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Colombian president Uribe has swine flu

President Alvaro Uribe has the swine flu, and officials are contacting other South American governments whose leaders attended a summit last week with the Colombian leader, authorities said Sunday.

The 57-year-old Uribe began feeling symptoms Friday, the same day as a meeting of South American presidents in Bariloche, Argentina, and he was confirmed to have swine flu after returning home, Social Protection Minister Diego Palacio said.

“This isn't something that has us scared,” Palacio said at a news conference. Uribe, a key U.S. ally in Latin America, is not considered a high-risk patient and will continue working from his computer, officials said.

Experimental drug shown to cut stroke risk

An experimental drug reduces the stroke risk in patients with irregular heartbeats by nearly four times, compared with the popular drug warfarin — but possibly at a cost, according to new research released Sunday.

Patients taking the new drug dabigatran etexilate, made by German pharmaceutical Boehringer Ingelheim, were slightly more likely to have heart attacks or stomach pain, according to the research presented at the European Society of Cardiology meeting in Barcelona.

Patients with irregular heartbeats are up to 17 times more likely to have a stroke than healthy people.

About one-sixth of all strokes occur in patients with irregular heartbeats who have other risk factors such as smoking or obesity. In the United States, there are about 2 million people with such a condition.

Until now, most such patients have been given warfarin, which has side effects including bleeding risks and requires lifestyle changes such as dietary restrictions.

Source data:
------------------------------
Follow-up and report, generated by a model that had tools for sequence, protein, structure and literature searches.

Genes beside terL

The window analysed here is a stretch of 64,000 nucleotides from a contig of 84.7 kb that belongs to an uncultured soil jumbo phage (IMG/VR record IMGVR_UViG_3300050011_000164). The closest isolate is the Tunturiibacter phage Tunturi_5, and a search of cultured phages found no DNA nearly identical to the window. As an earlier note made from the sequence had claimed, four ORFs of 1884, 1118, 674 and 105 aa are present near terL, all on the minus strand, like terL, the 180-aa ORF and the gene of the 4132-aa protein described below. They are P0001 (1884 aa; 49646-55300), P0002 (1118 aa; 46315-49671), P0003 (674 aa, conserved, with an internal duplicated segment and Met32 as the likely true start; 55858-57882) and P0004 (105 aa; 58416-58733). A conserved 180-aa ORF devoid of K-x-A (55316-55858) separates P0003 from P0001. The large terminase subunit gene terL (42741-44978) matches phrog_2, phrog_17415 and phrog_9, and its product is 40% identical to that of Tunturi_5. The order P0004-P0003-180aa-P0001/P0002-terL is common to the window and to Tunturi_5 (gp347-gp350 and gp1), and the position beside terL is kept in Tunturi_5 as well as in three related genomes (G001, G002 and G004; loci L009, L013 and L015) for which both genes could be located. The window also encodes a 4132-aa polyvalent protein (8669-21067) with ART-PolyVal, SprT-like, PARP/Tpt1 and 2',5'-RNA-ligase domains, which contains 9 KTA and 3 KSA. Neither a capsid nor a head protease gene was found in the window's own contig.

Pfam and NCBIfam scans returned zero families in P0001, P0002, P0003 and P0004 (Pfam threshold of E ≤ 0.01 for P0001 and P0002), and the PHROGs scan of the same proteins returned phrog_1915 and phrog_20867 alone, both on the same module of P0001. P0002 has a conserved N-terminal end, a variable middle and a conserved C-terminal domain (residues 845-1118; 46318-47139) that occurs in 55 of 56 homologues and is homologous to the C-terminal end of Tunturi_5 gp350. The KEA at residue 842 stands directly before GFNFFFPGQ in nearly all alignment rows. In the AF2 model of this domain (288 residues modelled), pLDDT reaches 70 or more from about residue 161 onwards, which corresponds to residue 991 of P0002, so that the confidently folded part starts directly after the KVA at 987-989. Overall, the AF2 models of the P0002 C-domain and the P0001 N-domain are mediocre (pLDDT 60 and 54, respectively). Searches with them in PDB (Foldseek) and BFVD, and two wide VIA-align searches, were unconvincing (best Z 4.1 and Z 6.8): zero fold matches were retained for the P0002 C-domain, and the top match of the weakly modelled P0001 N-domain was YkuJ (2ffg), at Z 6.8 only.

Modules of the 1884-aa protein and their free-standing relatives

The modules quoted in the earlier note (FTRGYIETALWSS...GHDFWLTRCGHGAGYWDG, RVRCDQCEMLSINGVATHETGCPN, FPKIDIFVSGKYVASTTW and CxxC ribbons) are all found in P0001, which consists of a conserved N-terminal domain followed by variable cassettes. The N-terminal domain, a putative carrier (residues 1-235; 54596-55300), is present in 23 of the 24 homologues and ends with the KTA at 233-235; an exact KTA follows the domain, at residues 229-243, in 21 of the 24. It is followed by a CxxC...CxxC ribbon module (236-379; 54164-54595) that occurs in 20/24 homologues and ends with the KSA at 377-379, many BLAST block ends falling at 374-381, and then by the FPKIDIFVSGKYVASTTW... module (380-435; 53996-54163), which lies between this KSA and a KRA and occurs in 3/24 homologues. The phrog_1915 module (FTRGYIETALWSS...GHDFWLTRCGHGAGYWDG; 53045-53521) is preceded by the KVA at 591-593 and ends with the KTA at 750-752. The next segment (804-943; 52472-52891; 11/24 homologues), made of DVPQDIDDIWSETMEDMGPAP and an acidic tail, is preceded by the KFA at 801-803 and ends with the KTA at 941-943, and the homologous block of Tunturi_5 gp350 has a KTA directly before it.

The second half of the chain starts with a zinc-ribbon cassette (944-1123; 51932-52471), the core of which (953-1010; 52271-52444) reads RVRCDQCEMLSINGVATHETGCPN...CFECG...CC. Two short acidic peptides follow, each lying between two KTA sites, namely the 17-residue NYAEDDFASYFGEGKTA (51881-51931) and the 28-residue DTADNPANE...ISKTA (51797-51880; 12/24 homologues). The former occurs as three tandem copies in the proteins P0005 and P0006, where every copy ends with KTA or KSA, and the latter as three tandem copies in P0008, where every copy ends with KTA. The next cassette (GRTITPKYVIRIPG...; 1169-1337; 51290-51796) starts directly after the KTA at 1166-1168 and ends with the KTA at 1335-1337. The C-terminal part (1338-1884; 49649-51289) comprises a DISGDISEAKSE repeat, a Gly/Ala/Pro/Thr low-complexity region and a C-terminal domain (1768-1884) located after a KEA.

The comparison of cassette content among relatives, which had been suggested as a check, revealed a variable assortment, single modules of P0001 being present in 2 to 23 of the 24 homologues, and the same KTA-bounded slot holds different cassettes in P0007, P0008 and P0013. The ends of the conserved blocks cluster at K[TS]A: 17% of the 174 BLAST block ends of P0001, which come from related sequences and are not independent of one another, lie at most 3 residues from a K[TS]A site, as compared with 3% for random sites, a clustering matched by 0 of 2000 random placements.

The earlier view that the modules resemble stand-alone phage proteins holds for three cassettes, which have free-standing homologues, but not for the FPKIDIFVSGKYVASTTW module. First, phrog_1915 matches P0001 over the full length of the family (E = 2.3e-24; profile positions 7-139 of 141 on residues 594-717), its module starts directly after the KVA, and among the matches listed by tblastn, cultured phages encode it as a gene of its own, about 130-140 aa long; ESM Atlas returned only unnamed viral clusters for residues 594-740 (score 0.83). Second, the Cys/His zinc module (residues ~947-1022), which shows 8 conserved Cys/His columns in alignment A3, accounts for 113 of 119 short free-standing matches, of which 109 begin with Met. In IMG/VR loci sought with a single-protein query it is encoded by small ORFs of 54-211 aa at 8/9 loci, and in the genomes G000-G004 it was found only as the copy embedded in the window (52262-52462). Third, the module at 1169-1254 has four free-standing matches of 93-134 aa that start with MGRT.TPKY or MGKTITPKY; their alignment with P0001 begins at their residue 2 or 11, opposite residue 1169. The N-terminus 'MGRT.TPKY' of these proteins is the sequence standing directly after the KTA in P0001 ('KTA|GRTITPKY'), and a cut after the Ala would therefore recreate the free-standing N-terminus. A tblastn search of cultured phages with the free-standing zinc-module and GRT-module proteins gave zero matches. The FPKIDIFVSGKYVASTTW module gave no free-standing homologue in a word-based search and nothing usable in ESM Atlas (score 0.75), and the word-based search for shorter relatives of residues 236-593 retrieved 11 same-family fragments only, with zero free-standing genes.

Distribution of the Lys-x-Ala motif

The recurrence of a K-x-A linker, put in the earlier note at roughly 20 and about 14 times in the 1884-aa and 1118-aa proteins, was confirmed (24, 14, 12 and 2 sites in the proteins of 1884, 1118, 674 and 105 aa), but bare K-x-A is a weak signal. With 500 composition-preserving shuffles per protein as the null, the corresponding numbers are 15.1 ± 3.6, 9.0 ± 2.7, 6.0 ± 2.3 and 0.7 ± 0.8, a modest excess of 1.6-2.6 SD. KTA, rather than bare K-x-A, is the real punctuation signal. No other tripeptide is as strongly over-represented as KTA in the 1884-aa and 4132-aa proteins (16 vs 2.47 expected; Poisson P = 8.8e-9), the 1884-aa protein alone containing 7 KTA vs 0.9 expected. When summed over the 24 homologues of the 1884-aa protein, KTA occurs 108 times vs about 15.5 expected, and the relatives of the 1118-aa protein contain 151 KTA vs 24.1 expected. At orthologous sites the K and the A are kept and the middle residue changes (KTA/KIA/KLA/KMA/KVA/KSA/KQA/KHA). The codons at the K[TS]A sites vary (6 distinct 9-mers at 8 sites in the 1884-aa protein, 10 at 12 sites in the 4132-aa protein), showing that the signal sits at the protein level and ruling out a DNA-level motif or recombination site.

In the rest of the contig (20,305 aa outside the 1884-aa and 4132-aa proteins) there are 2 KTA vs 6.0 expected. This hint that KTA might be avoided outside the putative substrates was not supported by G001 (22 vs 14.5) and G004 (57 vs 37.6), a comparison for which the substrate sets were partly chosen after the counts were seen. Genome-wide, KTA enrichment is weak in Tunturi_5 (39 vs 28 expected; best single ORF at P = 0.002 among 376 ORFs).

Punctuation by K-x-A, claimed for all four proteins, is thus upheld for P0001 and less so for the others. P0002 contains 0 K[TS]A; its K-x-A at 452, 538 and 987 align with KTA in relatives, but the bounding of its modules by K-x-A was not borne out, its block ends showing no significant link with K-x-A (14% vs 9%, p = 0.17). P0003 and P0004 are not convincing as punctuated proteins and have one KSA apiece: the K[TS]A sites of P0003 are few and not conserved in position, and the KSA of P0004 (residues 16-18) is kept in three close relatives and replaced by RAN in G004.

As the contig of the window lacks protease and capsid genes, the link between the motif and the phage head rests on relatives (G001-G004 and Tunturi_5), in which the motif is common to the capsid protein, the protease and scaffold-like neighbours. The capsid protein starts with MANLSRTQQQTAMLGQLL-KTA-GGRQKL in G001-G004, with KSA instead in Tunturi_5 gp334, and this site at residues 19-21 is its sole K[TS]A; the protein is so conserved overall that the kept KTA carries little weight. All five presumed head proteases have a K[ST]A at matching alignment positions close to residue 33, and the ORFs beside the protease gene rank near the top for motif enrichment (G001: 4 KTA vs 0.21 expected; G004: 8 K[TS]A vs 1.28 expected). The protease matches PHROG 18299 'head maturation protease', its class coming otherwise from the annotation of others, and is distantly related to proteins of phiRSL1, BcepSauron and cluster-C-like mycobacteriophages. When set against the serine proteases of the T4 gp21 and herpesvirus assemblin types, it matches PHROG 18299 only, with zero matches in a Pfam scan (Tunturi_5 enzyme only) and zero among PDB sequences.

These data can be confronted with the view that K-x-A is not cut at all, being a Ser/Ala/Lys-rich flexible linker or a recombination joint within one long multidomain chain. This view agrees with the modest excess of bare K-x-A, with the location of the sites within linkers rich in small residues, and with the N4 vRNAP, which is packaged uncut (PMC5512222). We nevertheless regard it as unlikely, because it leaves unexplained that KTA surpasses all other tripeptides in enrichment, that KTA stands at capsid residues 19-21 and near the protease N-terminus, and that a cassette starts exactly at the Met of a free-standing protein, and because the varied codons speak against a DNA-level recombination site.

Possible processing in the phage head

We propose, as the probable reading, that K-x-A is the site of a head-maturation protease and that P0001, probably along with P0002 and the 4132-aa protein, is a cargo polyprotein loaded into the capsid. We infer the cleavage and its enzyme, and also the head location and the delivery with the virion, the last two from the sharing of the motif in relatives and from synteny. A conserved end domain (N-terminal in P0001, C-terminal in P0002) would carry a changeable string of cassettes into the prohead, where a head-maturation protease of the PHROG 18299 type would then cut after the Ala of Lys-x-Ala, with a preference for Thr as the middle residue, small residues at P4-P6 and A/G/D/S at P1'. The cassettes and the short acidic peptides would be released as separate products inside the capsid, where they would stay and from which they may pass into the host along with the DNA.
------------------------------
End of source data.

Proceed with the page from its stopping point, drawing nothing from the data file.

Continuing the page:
Research: Drug reduces risks for heart patients

A new drug to prevent blood clots in heart patients reduced their chances of dying by more than 20 percent compared with the standard treatment, research says.

Researchers followed 18,624 patients worldwide from 2006 to 2008. About half the patients were taking clopidogrel, also known as Plavix, while the other half were taking an experimental drug called ticagrelor, or Brilinta, made by AstraZeneca.

Those on Brilinta had a 4.5 percent chance of dying, versus a 5.9 percent death risk for patients on Plavix, the world's second-best selling medication made by Sanofi-Aventis and Bristol-Myers Squibb.

Doctors found Brilinta was safer for patients since they were less likely to have bleeding problems, one of Plavix's known side effects. Ticagrelor had its own adverse effects, including breathing and heart rhythm abnormalities.

The study results were announced Sunday at the European Society of Cardiology meeting in Barcelona.

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